For most of my life, my eyes were inkwells. They began spilling over at seventeen. I woke up, drenched in ink, stuck with pages, and wanting more. So, I let my wells leak and my ink stain. My blank pages blackened and soon I worried about floods. Later, with sopping paper and a floating mind, I worried about droughts. Between floods and droughts, old ink swam to new eyes. That’s how I ended up in Georgia.
I’d never read my ink spills to strangers. A few classmates here and there. My sister, mostly. Even then, my writing felt like chicken scratch compared to the bound paperbacks piling up on my twenty-dollar bookshelf. So, when the English Honors Society sent me a letter, stamped and sealed, I did not expect an invitation.
Writing is an intimate act. A quiet bond between a person and a page. The reader is a faraway fantasy, a dream. When my ink first began spilling, I never dreamt I’d have eyes other than my own to soak it all up. In Georgia, that dream came true. That intimacy grew to contain a room full of strangers, of eyes.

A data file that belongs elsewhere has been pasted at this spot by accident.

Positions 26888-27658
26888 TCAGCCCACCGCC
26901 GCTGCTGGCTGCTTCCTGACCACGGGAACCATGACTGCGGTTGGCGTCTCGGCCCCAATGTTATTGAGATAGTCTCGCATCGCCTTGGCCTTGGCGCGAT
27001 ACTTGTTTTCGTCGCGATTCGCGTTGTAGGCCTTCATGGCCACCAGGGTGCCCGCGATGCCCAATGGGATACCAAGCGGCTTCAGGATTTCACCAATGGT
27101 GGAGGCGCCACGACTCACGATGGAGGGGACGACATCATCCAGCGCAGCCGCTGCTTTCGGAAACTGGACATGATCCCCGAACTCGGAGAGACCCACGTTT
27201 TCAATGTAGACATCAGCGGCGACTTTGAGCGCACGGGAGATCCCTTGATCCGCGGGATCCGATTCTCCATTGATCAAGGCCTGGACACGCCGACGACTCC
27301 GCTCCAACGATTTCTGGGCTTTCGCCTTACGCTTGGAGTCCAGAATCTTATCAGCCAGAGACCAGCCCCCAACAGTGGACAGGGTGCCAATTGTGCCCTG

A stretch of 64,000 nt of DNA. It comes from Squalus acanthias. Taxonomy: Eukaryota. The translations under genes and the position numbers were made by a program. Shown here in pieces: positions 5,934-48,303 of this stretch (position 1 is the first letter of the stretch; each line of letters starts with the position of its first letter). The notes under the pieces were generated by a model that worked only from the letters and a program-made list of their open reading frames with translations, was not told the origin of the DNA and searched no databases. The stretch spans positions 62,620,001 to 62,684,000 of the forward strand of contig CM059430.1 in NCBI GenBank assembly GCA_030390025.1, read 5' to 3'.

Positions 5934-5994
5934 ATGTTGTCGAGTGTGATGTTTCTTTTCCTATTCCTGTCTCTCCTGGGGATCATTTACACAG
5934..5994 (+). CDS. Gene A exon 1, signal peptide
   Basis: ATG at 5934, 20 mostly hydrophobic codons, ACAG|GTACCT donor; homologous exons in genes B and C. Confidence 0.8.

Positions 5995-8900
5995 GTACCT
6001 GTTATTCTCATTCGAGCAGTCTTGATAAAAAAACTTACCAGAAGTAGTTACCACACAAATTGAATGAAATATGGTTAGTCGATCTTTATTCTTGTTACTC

The fantasy of other inkwell eyes haunts my pen. It stilts and sways at their every blink. There is a responsibility that comes with inkwell eyes. A responsibility that weighs down my every stroke. I know even if my ink is only a drop in the well of another’s eyes, it still has left an irreplaceable mark. A blot of help or hurt.
The saying is true. There is power in a pen. A power I promise to wield with the care it deserves. Because I am in awe of your inkwell eyes – forever grateful, forever scared.